In the Coen Brothers' Barton Fink, a pretentious playwright is lured to Hollywood and tasked with making a "Wallace Beery wrestling picture." If you believe the Coens -- and that's a big if sometimes -- they didn't know at the time they wrote their picture that there was such a thing as a Wallace Beery wrestling picture. Yet to someone at M-G-M in 1932, it may have seemed natural to follow up Beery's big success in a boxing picture -- he won an Oscar for The Champ -- with a film about wrestling. But the natural-seeming follow-up doesn't follow The Champ's formula -- Jackie Cooper is conspicuously absent, as is any hint of father-son pathos. Instead, Flesh is much more of a true Pre-Code movie, at least on paper -- and can you beat that title? Actually, in retrospect, Metro should have thought twice about it. No matter how beloved Beery had become, I can only imagine that advertising a film called Flesh on the understanding that most of the title substance on display would belong to Beery might have sent even his most devoted fans in headlong flight from the nearest theater showing the picture.
That title isn't the only thing not quite right about the project. This is an M-G-M picture directed by John Ford during a period when Fox let him work for other studios -- Air Mail for Universal, Arrowsmith for Samuel Goldwyn, etc. It is, in fact a "John Ford Production," but Ford refused to take credit for directing. That is, he repudiated a picture that still bears his name. But I can't blame him. Flesh is one of those rare occasions -- the silent Four Sons is another -- when he indulges a certain Germania-mania. His is a vaudeville Germany where the natives sometimes speak their local lingo and sometimes speak English -- to each other. Ford never figured out a neat Judgment at Nuremberg type trick to transition us from German to English. They just start out auf Deutsch, vacillate a while, then stick to comic-strip dialect. In this milieu flourishes the great Polokai (Beery), king of the beer-hall wrestlers like Hitler was king of the beer-hall orators. But Polokai is more than a wrestler -- he's a wrestling waiter. He'll bring the beer barrel to your table to fill your mug. But he is mighty without being a brute -- he's shy, unworldly and simple -- Ford seems to suggest that the last is a national trait. In short, he's a sap. Or as one of the ads says of Beery, "The Champ becomes the Chump!"
Polokai proves easily manipulated by a pregnant expatriate American ex-con (Karen Moley) who's been ditched by her boyfriend/baby-daddy and needs money to get back home. When the boyfriend (Ricardo Cortez) finally appears, he pretends to be the woman's brother because he sees an angle to exploit Polokai, who has become the German wrestling champion, and sees a better chance for himself if Polokai keeps his romantic hopes up. Polokai's own plan has been to follow his emigrating employers to America, where they intend to open a biergarten in spite of Prohibtion. Now the Cortez character (a smooth-talking sleazebag, as usual) figures to promote Polokai in the big-time world of American professional wrestling. He explains the title by declaring his intention to make millions pushing "a hunk of flesh." Ford and his writers (reportedly including William Faulkner -- do the Coens really want us to believe they never heard of this?) don't have the surest grip on what wrestling was about at this point. They seem to understand that wrestling was what wrestlers call a work, but they seem to see this as the moral equivalent of fixed fights in boxing. That is, when Cortez suggests that it's sometimes the smart thing to lose instead of win, he seems to mean that Polokai should take a dive at some moment of his choosing, as a corrupt boxer might. Of course, German wrestling is totally real -- a shoot, as they say, so Polokai's honor is offended by the suggestion that he lose on purpose. His career is stalled a little by rigged decisions after time-limit matches, but he finally gets a title shot. As his career approaches its peak, his life falls apart as he discovers the truth about the sleazy Cortez and the repentant Morley and kills Cortez with his bare hands for hitting Morley. He proceeds to the arena and wins two of three falls before turning himself over to the police. There remains a tearjerker moment during visiting hours when Morley finally admits her love, for all the good it'll do Polokai in stir.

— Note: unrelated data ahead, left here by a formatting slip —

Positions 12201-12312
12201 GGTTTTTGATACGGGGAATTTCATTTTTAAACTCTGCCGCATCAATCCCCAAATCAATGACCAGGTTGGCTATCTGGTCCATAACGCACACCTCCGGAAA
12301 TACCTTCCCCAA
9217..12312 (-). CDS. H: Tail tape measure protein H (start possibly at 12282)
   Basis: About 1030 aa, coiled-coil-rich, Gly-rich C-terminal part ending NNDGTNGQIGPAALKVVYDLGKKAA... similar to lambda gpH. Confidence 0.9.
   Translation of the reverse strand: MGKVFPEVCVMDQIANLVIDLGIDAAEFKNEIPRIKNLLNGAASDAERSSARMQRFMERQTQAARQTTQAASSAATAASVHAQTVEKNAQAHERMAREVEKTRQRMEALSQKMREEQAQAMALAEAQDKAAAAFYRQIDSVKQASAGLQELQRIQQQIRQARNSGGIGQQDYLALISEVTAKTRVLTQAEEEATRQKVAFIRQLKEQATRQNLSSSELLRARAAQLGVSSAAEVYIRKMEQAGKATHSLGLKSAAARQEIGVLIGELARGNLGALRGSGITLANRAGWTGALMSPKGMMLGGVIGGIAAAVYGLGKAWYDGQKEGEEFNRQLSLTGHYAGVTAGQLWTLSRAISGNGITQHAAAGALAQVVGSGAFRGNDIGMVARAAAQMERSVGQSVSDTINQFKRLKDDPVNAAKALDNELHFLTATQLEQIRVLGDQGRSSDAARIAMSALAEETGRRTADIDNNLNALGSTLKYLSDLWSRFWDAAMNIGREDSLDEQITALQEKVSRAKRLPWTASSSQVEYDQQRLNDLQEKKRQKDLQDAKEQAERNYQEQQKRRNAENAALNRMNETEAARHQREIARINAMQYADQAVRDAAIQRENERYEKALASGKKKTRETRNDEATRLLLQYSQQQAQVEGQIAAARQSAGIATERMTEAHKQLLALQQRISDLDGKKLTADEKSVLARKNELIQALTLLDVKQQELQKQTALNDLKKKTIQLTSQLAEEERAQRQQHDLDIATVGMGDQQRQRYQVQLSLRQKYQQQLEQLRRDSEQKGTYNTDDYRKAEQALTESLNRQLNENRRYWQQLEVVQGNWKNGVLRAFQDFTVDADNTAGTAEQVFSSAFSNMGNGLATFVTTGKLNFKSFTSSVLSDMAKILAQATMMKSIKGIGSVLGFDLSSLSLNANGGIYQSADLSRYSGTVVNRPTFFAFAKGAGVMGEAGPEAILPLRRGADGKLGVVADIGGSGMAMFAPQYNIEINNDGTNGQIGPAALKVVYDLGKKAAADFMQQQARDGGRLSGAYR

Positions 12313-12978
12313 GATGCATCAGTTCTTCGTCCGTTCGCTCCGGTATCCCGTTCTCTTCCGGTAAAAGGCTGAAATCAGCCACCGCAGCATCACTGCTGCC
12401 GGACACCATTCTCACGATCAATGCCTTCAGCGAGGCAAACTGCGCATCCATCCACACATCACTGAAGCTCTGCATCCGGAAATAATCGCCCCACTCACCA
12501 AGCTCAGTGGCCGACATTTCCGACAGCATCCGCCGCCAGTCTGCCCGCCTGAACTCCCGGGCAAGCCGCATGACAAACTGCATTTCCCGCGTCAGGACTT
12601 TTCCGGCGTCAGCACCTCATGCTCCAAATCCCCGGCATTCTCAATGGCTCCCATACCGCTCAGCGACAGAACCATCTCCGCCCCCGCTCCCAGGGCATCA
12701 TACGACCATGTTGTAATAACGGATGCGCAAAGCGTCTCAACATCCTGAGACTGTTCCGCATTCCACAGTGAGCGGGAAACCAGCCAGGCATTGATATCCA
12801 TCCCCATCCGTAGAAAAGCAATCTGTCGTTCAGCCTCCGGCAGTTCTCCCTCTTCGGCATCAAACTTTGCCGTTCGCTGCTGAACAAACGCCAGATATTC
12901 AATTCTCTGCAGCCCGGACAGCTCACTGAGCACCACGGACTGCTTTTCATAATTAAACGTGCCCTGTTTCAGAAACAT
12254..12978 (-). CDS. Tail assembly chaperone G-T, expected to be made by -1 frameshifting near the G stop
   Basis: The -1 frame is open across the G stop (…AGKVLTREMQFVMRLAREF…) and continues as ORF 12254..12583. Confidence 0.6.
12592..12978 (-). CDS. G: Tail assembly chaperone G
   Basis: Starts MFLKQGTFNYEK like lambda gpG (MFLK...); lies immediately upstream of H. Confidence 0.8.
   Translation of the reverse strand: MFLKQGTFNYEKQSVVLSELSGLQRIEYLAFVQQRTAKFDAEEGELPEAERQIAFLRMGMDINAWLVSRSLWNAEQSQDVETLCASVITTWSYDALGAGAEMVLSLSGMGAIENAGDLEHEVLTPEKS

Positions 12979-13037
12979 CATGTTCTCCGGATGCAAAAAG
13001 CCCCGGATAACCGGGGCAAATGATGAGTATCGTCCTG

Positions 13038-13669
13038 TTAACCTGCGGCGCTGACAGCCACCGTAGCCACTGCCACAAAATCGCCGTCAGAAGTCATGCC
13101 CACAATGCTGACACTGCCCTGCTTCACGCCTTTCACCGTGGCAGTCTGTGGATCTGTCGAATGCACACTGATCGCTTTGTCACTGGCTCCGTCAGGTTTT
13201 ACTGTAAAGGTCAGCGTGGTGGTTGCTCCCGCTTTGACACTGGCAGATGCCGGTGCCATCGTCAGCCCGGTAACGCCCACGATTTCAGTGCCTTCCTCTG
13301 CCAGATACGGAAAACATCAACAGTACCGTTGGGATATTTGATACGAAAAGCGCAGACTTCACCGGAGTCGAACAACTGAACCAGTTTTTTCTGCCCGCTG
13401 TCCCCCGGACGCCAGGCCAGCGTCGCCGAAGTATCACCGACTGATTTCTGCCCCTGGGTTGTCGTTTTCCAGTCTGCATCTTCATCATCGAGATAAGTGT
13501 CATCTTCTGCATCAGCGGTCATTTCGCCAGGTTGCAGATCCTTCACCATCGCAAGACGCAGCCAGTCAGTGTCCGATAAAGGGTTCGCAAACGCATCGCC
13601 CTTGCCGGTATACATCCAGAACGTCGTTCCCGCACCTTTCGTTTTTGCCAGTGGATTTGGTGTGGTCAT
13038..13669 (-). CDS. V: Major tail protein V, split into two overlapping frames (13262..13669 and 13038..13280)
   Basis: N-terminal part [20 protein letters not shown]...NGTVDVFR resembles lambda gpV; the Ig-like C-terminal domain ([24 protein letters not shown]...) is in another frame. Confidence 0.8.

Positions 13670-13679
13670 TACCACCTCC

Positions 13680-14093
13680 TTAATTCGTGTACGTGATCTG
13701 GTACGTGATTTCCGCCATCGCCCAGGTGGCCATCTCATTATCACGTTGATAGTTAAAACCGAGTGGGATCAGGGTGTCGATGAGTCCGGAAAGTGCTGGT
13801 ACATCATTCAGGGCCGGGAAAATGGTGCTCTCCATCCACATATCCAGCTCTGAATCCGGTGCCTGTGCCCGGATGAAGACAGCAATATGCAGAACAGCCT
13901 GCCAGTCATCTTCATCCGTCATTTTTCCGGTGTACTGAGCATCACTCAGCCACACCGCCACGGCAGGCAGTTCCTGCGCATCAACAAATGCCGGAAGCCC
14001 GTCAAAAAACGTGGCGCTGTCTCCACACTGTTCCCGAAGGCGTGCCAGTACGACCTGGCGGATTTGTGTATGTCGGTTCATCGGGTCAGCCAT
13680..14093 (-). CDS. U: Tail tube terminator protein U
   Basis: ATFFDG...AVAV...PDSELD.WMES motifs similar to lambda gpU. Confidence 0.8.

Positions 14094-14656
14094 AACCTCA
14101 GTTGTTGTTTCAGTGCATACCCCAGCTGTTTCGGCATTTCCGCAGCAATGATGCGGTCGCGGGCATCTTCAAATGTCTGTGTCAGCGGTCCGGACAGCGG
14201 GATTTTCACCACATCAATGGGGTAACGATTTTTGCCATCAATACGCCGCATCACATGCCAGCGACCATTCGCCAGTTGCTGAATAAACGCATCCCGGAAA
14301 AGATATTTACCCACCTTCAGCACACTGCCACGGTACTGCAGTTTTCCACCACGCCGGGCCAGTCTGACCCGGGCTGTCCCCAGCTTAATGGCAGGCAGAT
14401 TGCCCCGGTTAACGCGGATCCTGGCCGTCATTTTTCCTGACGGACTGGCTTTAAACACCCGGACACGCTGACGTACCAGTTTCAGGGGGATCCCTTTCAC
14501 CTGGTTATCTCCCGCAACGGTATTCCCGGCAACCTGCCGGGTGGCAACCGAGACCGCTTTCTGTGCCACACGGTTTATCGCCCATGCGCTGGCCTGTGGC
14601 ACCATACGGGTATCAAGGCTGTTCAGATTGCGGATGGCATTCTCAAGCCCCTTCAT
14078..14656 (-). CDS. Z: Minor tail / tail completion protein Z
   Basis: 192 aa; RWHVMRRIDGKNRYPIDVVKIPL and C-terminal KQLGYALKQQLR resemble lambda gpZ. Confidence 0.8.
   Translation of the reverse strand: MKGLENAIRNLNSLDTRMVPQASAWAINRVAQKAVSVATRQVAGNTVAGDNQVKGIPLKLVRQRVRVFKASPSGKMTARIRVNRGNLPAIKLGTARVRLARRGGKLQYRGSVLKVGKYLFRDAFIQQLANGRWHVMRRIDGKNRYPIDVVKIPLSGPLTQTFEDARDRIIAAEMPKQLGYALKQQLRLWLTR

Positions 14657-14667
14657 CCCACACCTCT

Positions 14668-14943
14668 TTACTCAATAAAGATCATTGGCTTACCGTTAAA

There's little Fordian about this picture, though the director does manage to hustle Ward Bond on screen for a minute or so as a wrestler. The ethnic aspect enables Ford's worst impulses, and the comedy in general is stupid. Typical is the German championship bout, where Polokai seems to be losing until he hears that the Morley character has given birth, at which point, after having chatted inanely with his corner men while suffering in a leglock, he promptly squashes his foe so he can get to the hospital. The one time I laughed out loud was when Polokai was learning English out of a phrase book, reading aloud, "That is a warm donut. Step on it." A glimmer of redeeming absurdity in a leaden melodrama. This is the part where I usually say that some film in the Pre-Code Parade is of interest as a historical document, at the very least, but Flesh is less than even that. It's probably one of the most forgettable items in both Ford and Beery's filmographies, and as such it does teach a historical lesson or two. First, not every great director flourished under Pre-Code conditions; 1929-34 was not a peak period for John Ford. Second, and corollary: Pre-Code didn't prevent anyone from making crap -- here's proof.